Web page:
Tuesday, January 29, 2013

"Behold the Lamb (1)"

(unavailable.....6" x 12"....Water Soluble Oils on 300 lb. HP)

"Behold the Lamb of God who takes away the sins of the world." This is an experimental piece to add to my collection so that I have many choices to choose from before submitting the work for an upcoming Easter exhibition. My intent was to showcase very light values against very dark ones to visually describe the Lamb of God who is also the Light of the World.

This is my fourth sky scape in recent days, but I am still not quite ready to say "yes to the piece". I am just letting you all get a close up view of my process. 

Process is always on my mind because it involves a complex strategy of coming up with a concept and actually birthing it into a piece of art. I am learning a lot about painting a sky scape. One of the main things I'm learning is to have a strong contrast between very blended ribbons of color and some that are laid down in one spot with no blending. These are also much easier to do and more convincing (at least to me) if they are painted with a palette knife.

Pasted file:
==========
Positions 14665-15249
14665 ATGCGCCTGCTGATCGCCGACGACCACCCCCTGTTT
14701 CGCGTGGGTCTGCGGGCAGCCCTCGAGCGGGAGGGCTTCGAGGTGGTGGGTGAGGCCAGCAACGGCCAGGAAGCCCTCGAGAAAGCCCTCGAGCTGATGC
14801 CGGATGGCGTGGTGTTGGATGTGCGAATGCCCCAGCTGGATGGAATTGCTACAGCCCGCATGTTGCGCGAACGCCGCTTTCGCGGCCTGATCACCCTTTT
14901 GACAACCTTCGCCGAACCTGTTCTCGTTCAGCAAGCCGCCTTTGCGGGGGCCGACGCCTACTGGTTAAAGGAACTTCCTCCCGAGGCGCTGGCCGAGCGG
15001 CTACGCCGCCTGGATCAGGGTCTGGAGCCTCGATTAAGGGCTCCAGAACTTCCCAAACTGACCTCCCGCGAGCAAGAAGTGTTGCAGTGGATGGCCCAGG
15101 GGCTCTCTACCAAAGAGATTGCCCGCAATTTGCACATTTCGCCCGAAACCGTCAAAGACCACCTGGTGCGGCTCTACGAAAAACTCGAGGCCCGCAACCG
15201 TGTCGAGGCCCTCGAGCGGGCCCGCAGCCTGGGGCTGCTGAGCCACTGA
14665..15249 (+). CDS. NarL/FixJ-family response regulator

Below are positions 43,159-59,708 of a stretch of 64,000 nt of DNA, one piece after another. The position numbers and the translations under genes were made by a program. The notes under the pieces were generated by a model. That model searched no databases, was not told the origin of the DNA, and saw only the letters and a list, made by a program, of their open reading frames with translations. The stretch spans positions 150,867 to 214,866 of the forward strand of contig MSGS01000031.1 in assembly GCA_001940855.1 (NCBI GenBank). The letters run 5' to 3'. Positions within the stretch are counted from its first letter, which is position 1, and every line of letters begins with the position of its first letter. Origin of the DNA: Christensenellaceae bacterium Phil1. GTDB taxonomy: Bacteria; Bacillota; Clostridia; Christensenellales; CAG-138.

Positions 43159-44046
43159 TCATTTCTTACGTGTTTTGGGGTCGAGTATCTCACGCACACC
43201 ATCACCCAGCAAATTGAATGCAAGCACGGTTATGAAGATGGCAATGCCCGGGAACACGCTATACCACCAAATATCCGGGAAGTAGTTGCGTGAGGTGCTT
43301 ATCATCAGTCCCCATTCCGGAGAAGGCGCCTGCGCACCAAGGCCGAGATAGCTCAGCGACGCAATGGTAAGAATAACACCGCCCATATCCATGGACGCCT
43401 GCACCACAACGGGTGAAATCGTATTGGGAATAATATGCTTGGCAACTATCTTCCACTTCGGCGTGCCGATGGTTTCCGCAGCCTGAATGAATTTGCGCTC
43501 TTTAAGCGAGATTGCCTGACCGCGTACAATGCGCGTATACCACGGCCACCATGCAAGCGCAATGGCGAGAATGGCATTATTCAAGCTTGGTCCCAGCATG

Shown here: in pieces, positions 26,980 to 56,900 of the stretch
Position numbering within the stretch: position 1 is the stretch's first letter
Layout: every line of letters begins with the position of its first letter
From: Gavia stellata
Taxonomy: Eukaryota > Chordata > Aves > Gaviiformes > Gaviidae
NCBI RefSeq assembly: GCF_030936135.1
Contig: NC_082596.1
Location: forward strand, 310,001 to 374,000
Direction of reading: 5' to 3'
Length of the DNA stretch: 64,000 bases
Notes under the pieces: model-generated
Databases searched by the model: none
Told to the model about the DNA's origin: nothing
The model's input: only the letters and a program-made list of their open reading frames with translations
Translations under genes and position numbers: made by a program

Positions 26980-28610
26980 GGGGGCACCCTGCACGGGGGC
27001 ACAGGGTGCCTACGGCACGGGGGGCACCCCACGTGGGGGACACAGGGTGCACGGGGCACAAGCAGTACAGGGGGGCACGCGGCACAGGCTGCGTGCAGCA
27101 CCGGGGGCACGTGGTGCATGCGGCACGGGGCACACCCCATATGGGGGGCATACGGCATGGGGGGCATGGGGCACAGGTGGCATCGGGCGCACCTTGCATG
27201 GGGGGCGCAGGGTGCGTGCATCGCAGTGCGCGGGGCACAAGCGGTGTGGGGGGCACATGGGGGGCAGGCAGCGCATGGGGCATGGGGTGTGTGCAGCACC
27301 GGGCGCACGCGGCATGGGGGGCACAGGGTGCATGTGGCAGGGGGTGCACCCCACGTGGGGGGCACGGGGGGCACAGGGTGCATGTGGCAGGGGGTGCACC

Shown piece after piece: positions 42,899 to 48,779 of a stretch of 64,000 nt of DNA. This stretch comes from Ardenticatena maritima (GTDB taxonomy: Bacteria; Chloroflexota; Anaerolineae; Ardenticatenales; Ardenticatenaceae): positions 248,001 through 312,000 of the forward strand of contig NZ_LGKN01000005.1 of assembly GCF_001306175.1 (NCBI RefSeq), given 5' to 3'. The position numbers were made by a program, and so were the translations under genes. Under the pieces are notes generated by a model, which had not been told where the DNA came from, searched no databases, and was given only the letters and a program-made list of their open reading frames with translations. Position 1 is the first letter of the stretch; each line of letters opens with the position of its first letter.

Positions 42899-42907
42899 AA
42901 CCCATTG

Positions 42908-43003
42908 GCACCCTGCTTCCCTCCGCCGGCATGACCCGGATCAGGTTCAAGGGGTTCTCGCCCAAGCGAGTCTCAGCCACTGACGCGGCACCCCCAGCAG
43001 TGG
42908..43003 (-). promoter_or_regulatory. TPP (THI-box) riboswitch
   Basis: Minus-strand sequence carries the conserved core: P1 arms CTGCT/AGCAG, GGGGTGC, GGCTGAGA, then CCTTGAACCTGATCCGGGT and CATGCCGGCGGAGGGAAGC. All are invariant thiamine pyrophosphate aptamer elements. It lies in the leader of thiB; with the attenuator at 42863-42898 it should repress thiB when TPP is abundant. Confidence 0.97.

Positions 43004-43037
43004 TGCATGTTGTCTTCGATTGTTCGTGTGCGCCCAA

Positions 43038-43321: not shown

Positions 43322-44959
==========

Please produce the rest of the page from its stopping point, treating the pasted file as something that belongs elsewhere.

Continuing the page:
The other very valuable thing to learn is that this is a pathway to creating full blown abstracts without using the typical color of the sky, but rather using any number of color combinations and staying with horizontal bands as the main format. And even placing a gestural stroke of intense color in one spot can send the piece into ecstasy.

So I am now thinking about devoting an entire afternoon with papers lined up and doing one right after the other with some very good music playing. It helps if it has a lot of passion with good rhythm. What this will do, is get rid of the internal critic and soon you will develop a rhythm.

If you choose to paint on unmounted canvas or 300 lb. HP Watercolor Paper.....you will have many cropping options after the paint has dried. For instance, you can have some narrow vertical pieces or some wide, but skinny horizontals that could even be viewed as a series. 

So if you're just starting out and want to see what the paint will do and give you some experience mixing color with a limited palette, this is a wonderful place to start. And there you have it...just a few more things to think about.

1 comment: